Explosive O'Neal bears watching
If anyone has questions about whether Deltha O'Neal can be a dangerous cornerback, they should speak with Kansas City's Trent Green.
The Chiefs quarterback was picked off by O'Neal four times in the same game in Week Four this season, a game Denver won 20-6. The big day by the second-year corner tied the league record. O'Neal could have stood all alone in the record books had he not let a fifth possible interception go through his hands in the first half.
The Broncos first-round draft pick a year ago is coming into his own. He has taken over a starting role on defense after spending his rookie season as a backup. Through five games this season he has 25 tackles and nine passes defensed. In 2000, he posted just eight tackles and defended three passes.
While his play in the secondary is improving, he may be more dangerous as a return man in the kicking game. As a rookie O'Neal returned punts and kickoffs, averaging 24 yards per return on 46 kickoffs.
This season O'Neal has not returned kickoffs, but he has already taken a punt to the house, doing so on an 86-yarder in a loss to Seattle. On 10 attempts this season he is averaging 18.1 yards per return. While the touchdown shot against the Seahawks helps that average, O'Neal has proven to be consistently dangerous. He has 535 return yards on 44 career punt returns, good for an impressive 12.2-yard average.
New England knows first hand how explosive O'Neal can be on special teams. Last season he returned a free kick 87 yards for a touchdown following a safety. Those two plays turned a comfortable 21-3 Patriots lead into a 10-point game, but New England was able to hold on.
The Patriots have struggled on special teams this season, particularly against San Diego in Week Five. Already underdogs in Denver, they will have to keep a close eye on O'Neal.
Eye on the Game: Matt Light
He may be a rookie, but left tackle Matt Light already understands that being an NFL player is a job. Sure, he likes to have fun on the field, but leading up to kickoff Light is all business. Trying to fill his blocking assignments and stuff would-be pass rushers is complicated enough. With that in mind, Light tries to make things as simple as possible on game day.
"When I come in for the game, I will get myself geared up by working up a sweat," Light said. "By the time the game comes around I am mentally ready and my body is physically set to go. For me there is no music, no conversation, no talking and no loud yelling."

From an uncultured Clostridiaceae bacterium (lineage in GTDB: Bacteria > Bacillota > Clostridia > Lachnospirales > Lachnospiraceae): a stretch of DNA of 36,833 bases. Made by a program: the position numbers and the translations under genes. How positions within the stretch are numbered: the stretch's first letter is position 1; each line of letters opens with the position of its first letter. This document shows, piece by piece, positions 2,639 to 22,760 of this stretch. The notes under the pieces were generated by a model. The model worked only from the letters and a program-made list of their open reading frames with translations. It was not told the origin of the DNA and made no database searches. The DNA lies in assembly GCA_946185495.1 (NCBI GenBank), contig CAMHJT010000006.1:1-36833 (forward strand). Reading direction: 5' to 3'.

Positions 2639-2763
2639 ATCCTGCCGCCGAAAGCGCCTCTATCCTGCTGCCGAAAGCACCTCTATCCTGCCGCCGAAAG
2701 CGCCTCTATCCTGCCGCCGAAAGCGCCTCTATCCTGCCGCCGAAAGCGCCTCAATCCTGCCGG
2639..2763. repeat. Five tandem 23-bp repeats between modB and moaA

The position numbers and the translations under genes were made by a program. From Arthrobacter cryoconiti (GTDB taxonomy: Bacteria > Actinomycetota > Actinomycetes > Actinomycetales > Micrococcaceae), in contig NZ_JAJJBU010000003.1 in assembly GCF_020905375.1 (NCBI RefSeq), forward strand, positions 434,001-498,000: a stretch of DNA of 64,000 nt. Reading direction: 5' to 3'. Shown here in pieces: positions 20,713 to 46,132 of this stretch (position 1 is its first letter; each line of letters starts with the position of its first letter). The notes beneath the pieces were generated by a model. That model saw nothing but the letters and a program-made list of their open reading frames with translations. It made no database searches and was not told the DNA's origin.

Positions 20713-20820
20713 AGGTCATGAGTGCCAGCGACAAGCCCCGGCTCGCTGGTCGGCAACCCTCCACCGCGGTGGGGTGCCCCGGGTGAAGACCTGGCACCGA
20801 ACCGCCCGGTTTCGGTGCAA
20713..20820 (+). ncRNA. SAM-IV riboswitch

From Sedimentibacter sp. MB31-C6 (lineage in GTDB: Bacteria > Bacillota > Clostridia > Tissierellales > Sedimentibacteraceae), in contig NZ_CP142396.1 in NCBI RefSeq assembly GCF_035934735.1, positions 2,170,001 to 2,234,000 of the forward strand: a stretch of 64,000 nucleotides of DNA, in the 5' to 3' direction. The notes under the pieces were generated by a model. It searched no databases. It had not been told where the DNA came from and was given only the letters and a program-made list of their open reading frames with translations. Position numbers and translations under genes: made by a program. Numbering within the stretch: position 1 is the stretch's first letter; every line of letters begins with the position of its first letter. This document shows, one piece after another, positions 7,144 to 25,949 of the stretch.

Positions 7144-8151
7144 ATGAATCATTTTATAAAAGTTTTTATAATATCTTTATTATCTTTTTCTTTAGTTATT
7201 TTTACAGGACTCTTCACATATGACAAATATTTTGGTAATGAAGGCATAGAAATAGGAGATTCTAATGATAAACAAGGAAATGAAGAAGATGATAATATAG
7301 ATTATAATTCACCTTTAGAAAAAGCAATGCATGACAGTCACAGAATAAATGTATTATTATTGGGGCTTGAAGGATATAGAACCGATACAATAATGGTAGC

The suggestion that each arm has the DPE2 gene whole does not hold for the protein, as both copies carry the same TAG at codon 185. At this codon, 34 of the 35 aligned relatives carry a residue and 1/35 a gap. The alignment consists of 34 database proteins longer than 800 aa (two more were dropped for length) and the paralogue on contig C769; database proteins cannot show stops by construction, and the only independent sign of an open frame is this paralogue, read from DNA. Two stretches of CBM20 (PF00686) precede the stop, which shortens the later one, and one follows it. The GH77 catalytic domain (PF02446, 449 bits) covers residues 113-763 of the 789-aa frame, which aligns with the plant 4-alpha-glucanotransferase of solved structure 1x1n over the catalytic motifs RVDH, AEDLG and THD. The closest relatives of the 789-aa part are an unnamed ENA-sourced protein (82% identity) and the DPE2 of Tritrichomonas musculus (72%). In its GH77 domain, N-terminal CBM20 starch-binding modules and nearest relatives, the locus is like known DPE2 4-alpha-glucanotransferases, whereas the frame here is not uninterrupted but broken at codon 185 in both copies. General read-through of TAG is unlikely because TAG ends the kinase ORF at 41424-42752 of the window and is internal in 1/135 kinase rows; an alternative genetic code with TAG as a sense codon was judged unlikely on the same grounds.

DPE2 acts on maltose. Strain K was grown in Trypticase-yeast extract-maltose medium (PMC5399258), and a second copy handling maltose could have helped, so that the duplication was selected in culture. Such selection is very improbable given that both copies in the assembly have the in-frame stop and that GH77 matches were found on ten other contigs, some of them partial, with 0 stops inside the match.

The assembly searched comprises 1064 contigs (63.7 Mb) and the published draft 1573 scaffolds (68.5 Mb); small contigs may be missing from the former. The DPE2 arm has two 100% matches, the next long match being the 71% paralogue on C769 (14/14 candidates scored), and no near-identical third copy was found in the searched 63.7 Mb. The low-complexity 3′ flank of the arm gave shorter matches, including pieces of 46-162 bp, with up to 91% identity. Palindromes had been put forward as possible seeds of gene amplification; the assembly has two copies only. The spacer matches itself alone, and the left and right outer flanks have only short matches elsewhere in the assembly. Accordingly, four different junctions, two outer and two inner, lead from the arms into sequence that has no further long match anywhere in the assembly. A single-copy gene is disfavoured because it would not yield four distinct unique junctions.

The approach has worked in the early stages of Light's career. The second-round draft choice has been the starting left tackle since Week Two, gaining enough confidence from the coaching staff that New England has had the same five starting linemen since the Jets game, the longest such stretch in Head Coach Bill Belichick's tenure. While he still has improving to do, he has performed adequately against the quality defensive ends he has seen thus far. Belichick credited the run blocking of Light, saying the offense has been able to have a more balanced rushing attack because of Light's play.
After missing most of training camp, Light is still adjusting to playing next to veteran Mike Compton and Damien Woody, who switches to guard in shotgun situations. While Light is learning from and communicating with his fellow linemen on the field, he aims to get time alone the morning of the game. He saves his intensity for the game.
"I basically just keep to myself on game day," Light said. "I just try to clear my mind. When I come in I don't dress any differently, I don't have a standard routine and I don't have a checklist that I go through in my mind. It's all about going out there to play."
2001: A Super Bowl Sound Odyssey
An aural history of the 2001 Super Bowl champion New England Patriots. The six-part podcast features interviews with over 20 players, coaches, media members and others who were there to witness this historic season, mixed with the iconic sounds that detailed every dramatic twist and turn of an unforgettable season. Every memorable moment from the 2001 Patriots season is revisited with new-found perspective 20 years later. It's a fresh and thorough look back at the team that started a football dynasty.